An igloo keeps you warm by trapping your body heat. Igloos are made of compressed snow. Almost 95% of this snow is trapped air, which is a good insulator. This insulation prevents the loss of body heat, and thereby keeps us warm.
Imagine that you’re walking around the snowy landscape of the Arctic tundra. Obviously, you start feeling cold with all the icy, chilling wind. You frantically look around for shelter, but there is nothing but crystal-white snow all around you. Finally, you find an igloo, which is also made of snow! You enter the structure, and after a while, you are surprised to find that you start feeling warm!
An igloo, which is made of the same freezing snow that makes us cold, is also very good at keeping people warm. But how? How can something so cold make you feel warm?
Well, that has something to do with the amazing properties of snow and the structure of an igloo.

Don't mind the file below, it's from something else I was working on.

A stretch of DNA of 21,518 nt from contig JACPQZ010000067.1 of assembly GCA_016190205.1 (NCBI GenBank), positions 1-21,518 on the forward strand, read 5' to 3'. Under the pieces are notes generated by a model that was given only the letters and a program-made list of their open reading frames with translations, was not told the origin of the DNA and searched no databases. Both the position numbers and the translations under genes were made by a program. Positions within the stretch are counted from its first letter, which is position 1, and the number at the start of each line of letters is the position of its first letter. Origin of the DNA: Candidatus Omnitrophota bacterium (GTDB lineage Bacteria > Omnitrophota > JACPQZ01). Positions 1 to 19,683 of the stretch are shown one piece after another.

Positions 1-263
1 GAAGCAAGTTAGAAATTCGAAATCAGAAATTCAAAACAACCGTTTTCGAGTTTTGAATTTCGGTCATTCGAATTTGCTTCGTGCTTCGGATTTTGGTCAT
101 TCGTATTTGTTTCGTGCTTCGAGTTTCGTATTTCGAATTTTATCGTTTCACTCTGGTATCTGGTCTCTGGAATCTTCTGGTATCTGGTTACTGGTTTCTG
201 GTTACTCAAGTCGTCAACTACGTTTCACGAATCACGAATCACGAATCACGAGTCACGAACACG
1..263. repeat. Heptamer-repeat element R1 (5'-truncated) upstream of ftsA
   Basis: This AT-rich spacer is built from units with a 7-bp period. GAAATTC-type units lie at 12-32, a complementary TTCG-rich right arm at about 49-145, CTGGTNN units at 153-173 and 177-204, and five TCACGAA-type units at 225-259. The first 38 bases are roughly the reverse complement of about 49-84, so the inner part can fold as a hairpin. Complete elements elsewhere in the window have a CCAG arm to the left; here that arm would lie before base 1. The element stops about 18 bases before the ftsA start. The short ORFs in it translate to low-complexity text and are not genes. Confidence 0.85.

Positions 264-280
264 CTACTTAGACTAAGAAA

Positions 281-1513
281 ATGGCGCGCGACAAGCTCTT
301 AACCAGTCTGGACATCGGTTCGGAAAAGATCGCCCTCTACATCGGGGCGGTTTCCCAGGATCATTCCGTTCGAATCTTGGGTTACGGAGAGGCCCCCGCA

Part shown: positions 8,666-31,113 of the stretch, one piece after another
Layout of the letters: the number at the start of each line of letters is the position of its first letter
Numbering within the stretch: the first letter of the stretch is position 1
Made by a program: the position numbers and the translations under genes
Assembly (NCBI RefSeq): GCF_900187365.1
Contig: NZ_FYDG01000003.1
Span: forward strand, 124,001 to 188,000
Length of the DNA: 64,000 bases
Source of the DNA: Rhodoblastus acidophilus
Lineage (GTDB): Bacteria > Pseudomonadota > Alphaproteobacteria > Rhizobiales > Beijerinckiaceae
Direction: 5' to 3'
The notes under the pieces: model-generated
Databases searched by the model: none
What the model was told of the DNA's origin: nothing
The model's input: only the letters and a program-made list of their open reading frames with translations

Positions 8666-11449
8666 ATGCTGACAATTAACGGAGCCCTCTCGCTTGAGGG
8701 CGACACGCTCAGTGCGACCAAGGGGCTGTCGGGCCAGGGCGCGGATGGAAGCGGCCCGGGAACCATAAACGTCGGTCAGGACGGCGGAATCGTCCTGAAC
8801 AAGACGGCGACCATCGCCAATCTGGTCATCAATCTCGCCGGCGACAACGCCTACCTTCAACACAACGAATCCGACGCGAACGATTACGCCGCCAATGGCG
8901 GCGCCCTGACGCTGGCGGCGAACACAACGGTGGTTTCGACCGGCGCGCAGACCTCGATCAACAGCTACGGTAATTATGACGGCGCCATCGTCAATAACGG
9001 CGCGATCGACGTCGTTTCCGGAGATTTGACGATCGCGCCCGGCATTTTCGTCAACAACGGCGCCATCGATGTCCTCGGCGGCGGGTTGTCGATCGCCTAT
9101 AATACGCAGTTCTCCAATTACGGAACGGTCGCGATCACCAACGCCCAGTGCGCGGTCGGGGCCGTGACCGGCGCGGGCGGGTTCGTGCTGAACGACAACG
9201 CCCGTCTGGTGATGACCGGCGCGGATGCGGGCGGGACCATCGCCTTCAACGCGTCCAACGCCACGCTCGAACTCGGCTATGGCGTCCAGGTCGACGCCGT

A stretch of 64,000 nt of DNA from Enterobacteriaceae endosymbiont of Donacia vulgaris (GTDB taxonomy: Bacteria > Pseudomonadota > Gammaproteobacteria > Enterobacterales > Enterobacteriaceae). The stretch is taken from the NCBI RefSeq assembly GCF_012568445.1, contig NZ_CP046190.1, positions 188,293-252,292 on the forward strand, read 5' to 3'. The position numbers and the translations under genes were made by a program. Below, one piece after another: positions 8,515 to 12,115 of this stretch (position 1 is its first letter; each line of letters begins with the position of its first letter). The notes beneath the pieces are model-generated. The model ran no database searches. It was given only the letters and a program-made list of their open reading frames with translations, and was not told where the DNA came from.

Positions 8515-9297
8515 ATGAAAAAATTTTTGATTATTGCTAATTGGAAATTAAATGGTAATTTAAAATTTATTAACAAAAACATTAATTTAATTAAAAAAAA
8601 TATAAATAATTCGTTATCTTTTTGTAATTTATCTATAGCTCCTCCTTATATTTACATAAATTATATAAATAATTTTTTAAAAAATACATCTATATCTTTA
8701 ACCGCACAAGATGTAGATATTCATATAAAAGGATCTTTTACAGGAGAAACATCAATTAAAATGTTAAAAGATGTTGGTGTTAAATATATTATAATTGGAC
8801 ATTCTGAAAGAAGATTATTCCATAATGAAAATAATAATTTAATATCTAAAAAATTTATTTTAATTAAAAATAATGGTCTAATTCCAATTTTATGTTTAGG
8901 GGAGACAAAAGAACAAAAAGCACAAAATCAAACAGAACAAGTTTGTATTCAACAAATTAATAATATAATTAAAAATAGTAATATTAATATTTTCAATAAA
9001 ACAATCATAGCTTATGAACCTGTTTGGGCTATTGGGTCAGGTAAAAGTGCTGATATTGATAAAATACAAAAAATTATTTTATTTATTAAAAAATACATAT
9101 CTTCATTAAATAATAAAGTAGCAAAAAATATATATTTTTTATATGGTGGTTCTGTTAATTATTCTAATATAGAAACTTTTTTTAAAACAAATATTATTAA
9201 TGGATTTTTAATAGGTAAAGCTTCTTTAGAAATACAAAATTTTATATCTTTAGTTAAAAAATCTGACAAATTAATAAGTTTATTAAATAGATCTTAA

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Why Do We Feel Cold?
Since the whole igloo scenario is an interplay between coldness and heat, let’s begin by understanding what ‘hot’ and ‘cold’ actually mean.
Heat is a form of energy that can be transferred from one body to another. Heat energy moves from regions of higher temperature to regions of low temperature until the temperatures of the two regions become equal and result in thermal equilibrium.
This movement of heat can happen in three ways:
- Conduction: Here, heat is transferred by direct physical contact between objects. It doesn’t involve the literal movement of matter, but thermal energy is transferred across adjacent molecules. If you touch a hot pan, your hands will burn, as heat is transferred from the pan to your hand by conduction.
- Convection: This is the major form of heat transfer in fluids (liquids, gases). Here, heat is transferred by the movement of molecules based on their density. Warm air rises and cold air sinks due to convection.